I worked with a large global company that asked me to conduct focus groups with divisions in the top 20% and bottom 20% based on results of an ethics survey. In meeting with employees at one of the top 20% divisions, it was true that when I asked if they would report misconduct everyone said yes (i.e. top 20%).

However, my very next question was “If you found out early in the quarter that you were not going to meet your plan, would you report that to your boss?” And no one said yes. Doing such a thing would be a “CLM” (Career Limiting Move). Open communications and a willingness to raise difficult issues are more critical ethics determinants than knowing whether there is a helpline.

CHG: What kinds of culture, then, are associated with high ethical behaviors? And what can a serious manager do about it?

DG: There are several common traits of ethical cultures:

1) Open communication and respect – employees at all levels feel that they are spoken to truthfully and are respected as people.

2) Personal responsibility and a sense of control – employees are held accountable for their actions and their commitments to others and are engaged in tasks that matter.

CHG: I was surprised to hear you cite the Federal Sentencing Guidelines as a key source for investigating ethics in business. Can you say more?

DG: While business ethics and ethical companies have been around for many, many years, the focus in the US began in earnest in the 1990’s. As a result of the defense industry scandals in the 1980’s, the US Sentencing Commission developed guidelines for corporations to avoid criminal liability if they put into place an effective compliance program. These guidelines have become best practices for US companies. In 2004, as a result of the Enron legacy of scandals, the Guidelines were revised to add language focusing on ethics and organizational culture.

CHG: You mentioned that you were struck by the lack of remorse in post-financial melt down financial industry executives. Say more?

DG: The bottom line is that today’s financial market is only a numbers game. Concepts such as the fiduciary responsibility of one party to another have been lost. While leaders talk about the need for trust to grease the wheels of capitalism, there is very little of it in the system today.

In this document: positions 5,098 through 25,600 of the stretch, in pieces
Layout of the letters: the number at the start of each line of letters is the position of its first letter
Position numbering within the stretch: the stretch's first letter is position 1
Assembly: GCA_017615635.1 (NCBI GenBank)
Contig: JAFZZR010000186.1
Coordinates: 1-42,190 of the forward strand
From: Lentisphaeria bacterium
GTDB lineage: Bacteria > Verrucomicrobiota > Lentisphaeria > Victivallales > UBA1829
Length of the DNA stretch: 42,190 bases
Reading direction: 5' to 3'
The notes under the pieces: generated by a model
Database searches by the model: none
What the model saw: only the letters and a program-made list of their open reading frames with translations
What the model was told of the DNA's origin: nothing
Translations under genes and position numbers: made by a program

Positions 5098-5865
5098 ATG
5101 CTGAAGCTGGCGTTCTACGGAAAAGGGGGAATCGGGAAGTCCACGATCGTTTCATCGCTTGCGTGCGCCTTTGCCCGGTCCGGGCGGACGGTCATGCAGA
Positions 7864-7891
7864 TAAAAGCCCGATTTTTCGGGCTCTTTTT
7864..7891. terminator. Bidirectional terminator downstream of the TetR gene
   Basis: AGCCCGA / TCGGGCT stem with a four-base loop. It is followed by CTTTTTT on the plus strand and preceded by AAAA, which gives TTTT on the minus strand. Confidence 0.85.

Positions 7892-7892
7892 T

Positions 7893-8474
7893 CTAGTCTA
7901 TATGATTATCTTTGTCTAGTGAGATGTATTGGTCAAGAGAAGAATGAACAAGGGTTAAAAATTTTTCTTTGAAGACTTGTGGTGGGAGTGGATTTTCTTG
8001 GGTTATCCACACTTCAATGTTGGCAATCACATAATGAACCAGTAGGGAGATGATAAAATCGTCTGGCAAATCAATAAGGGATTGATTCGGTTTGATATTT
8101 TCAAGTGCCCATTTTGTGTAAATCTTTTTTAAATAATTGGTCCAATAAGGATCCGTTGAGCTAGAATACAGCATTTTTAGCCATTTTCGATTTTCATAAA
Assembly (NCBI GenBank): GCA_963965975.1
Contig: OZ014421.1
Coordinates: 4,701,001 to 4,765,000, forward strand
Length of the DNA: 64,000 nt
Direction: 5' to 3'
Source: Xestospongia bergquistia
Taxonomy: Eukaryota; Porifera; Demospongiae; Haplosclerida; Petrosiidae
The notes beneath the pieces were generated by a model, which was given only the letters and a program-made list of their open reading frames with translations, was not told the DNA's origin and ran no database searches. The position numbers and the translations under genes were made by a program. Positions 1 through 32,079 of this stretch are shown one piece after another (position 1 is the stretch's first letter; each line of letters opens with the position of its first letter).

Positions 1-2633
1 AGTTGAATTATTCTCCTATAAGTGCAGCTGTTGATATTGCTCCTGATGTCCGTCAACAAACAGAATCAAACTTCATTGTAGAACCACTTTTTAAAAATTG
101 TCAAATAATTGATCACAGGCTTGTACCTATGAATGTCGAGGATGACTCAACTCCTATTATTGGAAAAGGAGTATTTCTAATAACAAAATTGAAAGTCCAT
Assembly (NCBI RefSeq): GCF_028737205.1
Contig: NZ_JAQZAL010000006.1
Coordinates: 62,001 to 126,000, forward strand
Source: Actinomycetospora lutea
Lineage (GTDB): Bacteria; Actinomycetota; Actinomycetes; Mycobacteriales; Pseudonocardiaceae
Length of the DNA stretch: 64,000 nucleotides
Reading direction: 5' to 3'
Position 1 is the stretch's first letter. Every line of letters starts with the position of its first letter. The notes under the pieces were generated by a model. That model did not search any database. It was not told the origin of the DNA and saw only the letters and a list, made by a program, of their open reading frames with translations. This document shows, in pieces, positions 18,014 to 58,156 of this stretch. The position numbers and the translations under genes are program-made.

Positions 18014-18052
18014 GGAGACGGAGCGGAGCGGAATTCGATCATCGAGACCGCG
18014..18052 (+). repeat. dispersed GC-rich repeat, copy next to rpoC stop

CHG: What’s the difference between ethics and morals?

DG:  Social psychologists have long told us that behavior is a function of the person and their environment. Morals address one’s character, the person. Ethics addresses the ethos, the environment in which we make decisions.

CHG: I was shocked when you first told me, “In my 15 years of work, only one client once asked, "How do we define the right thing?"  So business ethics is largely about how do you get people to concur with what the agreed upon guidelines are.”

DG:  Many companies use the “newspaper test” as a decision-making model. How would you feel if your actions were reported on the home page of While we have a societal set of standards, there are often tough issues that pit right vs. right. Superficial guidelines of being honest may not be enough. For example, every company takes certain risks, even with quality and safety. What guidance do leaders have to know what is “reasonably” safe enough to go to market with a product?

CHG: What’s the difference between ethics and compliance? And does anyone care about the former?

DG: Compliance is the adherence to prescribed standards of behavior. Compliance training educates people on what behavior is expected of them.

Ethics is the determination of whether people will engage in the desired behavior and what should be done to encourage people to do things they know they should do, but often don’t.